Much of the world — from patients to pharmaceutical companies to health activists and even governments — is watching an intense battle currently being fought by Swiss pharma giant Novartis in India’s Supreme Court. The company wants to patent and sell its anti-cancer drug, imatinib mesylate, known as Glivec, in India but, so far, its efforts have failed. This is a high-stake contest, with serious implications for many of the above constituents.
At the heart of the dispute is the Indian government’s contention that Glivec, which treats myeloid leukaemia and some gastrointestinal cancers, is simply a retooled avatar of a pre-existing version patented in the US in 1993, and, therefore, doesn’t deserve one here. The core issue, then, is over the degree of innovation required to obtain a patent in India. Section 3(d) of the Indian Patent Law prevents what the industry calls ‘evergreening’ — a process of churning out a version of the medicine with incremental modification and no innovation, simply in order to prolong the life of the patent.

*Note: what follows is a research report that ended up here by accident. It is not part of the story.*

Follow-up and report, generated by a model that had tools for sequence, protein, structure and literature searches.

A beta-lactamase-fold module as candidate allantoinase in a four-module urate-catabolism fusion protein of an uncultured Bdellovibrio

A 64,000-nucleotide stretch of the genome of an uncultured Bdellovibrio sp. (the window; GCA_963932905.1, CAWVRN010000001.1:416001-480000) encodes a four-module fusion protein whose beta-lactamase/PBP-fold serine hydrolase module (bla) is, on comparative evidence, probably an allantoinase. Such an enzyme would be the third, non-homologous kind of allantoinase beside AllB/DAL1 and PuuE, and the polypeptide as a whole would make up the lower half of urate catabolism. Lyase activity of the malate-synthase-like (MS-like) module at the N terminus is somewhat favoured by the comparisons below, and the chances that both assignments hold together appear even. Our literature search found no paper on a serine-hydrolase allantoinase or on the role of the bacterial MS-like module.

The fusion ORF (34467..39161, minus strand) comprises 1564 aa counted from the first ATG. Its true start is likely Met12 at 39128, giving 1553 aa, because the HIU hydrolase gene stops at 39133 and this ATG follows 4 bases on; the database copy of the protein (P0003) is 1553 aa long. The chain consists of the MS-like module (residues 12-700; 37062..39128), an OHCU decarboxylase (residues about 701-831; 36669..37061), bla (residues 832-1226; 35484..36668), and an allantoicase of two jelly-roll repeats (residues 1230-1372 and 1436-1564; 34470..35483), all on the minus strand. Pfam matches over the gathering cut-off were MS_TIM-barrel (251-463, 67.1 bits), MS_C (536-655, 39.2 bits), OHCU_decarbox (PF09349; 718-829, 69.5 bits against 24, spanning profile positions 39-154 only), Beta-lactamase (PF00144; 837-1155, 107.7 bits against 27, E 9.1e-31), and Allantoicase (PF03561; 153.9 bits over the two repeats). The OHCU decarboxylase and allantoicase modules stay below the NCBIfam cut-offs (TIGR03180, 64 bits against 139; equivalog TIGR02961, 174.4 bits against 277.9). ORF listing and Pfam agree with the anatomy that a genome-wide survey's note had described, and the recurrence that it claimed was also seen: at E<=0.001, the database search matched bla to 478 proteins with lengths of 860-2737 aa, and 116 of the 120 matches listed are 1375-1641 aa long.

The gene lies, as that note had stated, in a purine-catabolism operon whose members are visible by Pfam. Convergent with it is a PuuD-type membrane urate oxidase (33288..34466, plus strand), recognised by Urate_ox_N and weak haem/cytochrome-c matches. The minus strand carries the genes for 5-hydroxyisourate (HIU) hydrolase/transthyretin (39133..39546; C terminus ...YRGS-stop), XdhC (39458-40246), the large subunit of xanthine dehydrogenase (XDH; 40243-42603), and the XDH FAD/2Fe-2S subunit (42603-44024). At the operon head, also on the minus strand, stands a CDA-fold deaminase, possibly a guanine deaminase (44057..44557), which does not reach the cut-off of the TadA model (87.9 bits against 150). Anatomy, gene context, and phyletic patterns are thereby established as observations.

The case has an acrimonious history. Novartis had filed for a patent in 2006, which was denied. Then, in 2007, the Madras High Court rejected Novartis’ plea. The company also lost the case at the Intellectual Property Appellate Board, which rejected the company’s appeal in 2009. Novartis, then, decided to take the case to the highest court in the country.
Is Novartis ‘evergreening’?
Novartis describes the case as a crucible for the future of pharma investment. “Novartis is seeking clarity on the patent law in India,” says Novartis India Vice-Chairman & Managing Director Ranjit Shahani. “Knowing we can rely on patents in India benefits the government, industry and patients, because research-based organisations will know if investing in the development of better medicines for India is a viable long-term option.”